A lot of car buffs rave about big block Yenkos and Chevrolet's legendary 427. But in reality, this Nova's 350 cubic inch small block is a more competent and well-rounded performer. Installed in all 1970 Yenko Novas as a shrewd way to skirt fresh EPA regulations, Chevrolet's impressive LT-1 created a spry 360 horsepower straight from the factory. At the top of the hot mill, a polished, painted and decaled air cleaner caps a big Holley 4-barrel, which rides on a familiar Winters intake. That intake feeds factory Chevrolet heads, which float finned valve covers above spotless exhaust manifolds and correct smog equipment. At the back of those heads, a traditional points distributor sequences spark through correct Packard TV R Suppression cables. At the front of those cables, factory power steering joins a stamped alternator to round out a roster of high quality ancillaries. In front of those ancillaries, a shrouded and decaled radiator frames requisite GM hoses and a reproduction Delco battery. And naturally, the numbers-matching powerplant wears a correct 3970010 casting number behind an LT-1/3-speed-specific (CTC) suffix stamp and matching partial VIN.
As previously mentioned, this Deuce came factory-equipped with a tough Turbo-Hydramatic 400 3-speed. Predictably, that original gearbox hangs a correct "70 - CW" assembly plate opposite a matching partial VIN. There's a correct 12-bolt axle that's equipped with a correct posi-traction differential that is currently spinning highway-friendly 3.50 gears. However, the original and rare 4.10 gear set is included with the sale. That driveline hangs in a correct F41 Sports Suspension, which combines correct power steering with correct power front disc and rear drum brakes. That suspension is dissected by wrinkle-bent pipes, which employ throaty turbo mufflers and a factory-spec resonator. That exhaust is framed by solid floors that, to the best of our knowledge, are original equipment. And those floors roll on 14-inch Super Sport Wheels, which spin E70-14 Goodyear Polyglas Custom Wide Treads around simple Yenko center caps.
Open the car's light doors and you'll find a crisp Black interior that's been restored to a pristine state. There's a duo of vinyl benches that are as tight as the day they left the upholstery shop. In front of those seats, a silver-trimmed dash hangs a correct Delco radio under correct, sweeping telemetry. At the bottom of that dash, textured matting floats a Yenko-installed Hurst Slap Stick behind stainless-trimmed foot pedals. At the edges of that flooring, rare Yenko door panels frame traditional chrome handles. The driver keeps control through a bowtie-branded steering wheel. And passengers haul cargo next to a full-size spare tire in a fully restored trunk.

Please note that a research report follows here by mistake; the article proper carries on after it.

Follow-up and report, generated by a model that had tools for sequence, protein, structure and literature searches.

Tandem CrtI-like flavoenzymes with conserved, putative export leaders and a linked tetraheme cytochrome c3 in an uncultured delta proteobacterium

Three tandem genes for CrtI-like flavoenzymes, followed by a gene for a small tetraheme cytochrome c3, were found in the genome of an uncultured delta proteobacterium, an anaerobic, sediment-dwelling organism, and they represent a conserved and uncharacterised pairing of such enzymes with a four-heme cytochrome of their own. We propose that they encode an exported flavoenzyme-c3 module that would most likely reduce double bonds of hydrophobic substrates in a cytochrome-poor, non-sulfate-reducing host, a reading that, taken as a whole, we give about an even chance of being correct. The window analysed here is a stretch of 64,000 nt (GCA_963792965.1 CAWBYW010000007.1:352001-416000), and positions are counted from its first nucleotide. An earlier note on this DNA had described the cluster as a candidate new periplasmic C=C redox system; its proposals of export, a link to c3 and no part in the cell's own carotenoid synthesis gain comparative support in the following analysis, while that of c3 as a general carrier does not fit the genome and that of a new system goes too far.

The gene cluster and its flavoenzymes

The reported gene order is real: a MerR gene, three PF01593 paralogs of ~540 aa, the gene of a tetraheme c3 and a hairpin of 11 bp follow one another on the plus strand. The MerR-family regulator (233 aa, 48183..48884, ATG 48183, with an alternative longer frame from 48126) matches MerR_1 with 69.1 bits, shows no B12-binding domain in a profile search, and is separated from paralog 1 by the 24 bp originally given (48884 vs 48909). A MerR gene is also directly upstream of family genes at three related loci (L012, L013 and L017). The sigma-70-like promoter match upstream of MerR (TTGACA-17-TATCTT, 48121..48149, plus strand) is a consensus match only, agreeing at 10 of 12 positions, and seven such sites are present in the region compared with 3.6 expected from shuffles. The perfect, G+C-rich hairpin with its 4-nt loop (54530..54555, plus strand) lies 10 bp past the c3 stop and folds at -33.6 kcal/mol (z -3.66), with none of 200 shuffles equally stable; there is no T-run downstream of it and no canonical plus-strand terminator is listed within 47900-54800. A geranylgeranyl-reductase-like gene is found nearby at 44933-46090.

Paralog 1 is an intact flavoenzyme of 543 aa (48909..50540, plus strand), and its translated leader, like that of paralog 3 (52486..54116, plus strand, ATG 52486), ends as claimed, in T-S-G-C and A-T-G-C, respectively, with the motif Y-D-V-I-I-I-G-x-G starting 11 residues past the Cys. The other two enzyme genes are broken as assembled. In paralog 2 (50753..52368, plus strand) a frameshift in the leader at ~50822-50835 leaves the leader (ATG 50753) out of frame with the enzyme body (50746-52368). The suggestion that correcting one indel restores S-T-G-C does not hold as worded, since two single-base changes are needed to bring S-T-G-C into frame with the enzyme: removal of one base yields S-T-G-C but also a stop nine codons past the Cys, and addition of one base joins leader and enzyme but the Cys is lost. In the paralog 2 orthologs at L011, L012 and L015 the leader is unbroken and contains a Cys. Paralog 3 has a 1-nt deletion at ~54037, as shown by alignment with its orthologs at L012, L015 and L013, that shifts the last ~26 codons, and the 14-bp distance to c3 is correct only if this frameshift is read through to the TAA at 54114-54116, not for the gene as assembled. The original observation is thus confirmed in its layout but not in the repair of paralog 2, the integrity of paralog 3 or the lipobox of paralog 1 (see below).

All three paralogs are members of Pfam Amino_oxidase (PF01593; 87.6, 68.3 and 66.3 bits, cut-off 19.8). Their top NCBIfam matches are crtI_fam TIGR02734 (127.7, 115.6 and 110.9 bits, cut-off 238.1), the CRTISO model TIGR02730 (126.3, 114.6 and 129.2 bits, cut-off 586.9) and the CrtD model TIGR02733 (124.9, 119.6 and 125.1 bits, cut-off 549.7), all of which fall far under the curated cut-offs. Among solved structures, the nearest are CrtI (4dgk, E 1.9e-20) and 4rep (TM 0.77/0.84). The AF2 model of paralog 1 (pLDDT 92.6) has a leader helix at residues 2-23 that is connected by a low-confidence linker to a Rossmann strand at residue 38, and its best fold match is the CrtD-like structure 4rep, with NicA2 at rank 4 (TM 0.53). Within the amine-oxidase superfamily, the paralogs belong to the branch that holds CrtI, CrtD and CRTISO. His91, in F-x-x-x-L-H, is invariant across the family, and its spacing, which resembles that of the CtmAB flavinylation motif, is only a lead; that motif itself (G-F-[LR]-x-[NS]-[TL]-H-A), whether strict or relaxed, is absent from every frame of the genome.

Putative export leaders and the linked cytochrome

Since this Nova stayed with the same family for over 42 years, the car is impeccably documented. Here's a breakdown of the original Protect-O-Plate that's included with our sale.
114270W353566 - The car's VIN
- 1: Chevrolet Motor Division
- 14: V8-powered Nova
- 27: ...for more information please contact the seller.
This is the tenth and final car in a 10-day countdown to Barrett-Jackson’s annual Northeast auction
Classic Industries adds the GM-licensed trunk-lid logos to its restoration-parts offerings
Restoration parts and accessories company Classic Industries unveiled its new OER reproduction grilles for 1976-78 Nova models at the SEMA show in Vegas this past week.
From Rose to Champagne, various gold tones have become a popular choice for our phones, our jewelry, and our cars’ paint.
Offered at the 46th annual Scottsdale Barrett-Jackson auction, this Yenko Deuce Nova comes fully documented as car “HYS141” and is one of 175 produced.
Drag racing has long been the subject of controversy and debate fueled by individual perspective.
The Chevrolet Chevy II, commonly recognized as the Nova, was purpose-built to give buyers a simple, back-to-the-basics compact car.
In hindsight, 1969 was one of the best design years for many American cars, such as Mustang, Camaro, Chevelle, Corvette and ‘Cuda.
How far has automotive technology come in the last 50 years? Consider that if you bought a Chevrolet Nova SS in 1967, it was equipped with a 275-horsepower, 5.3-liter V8 engine.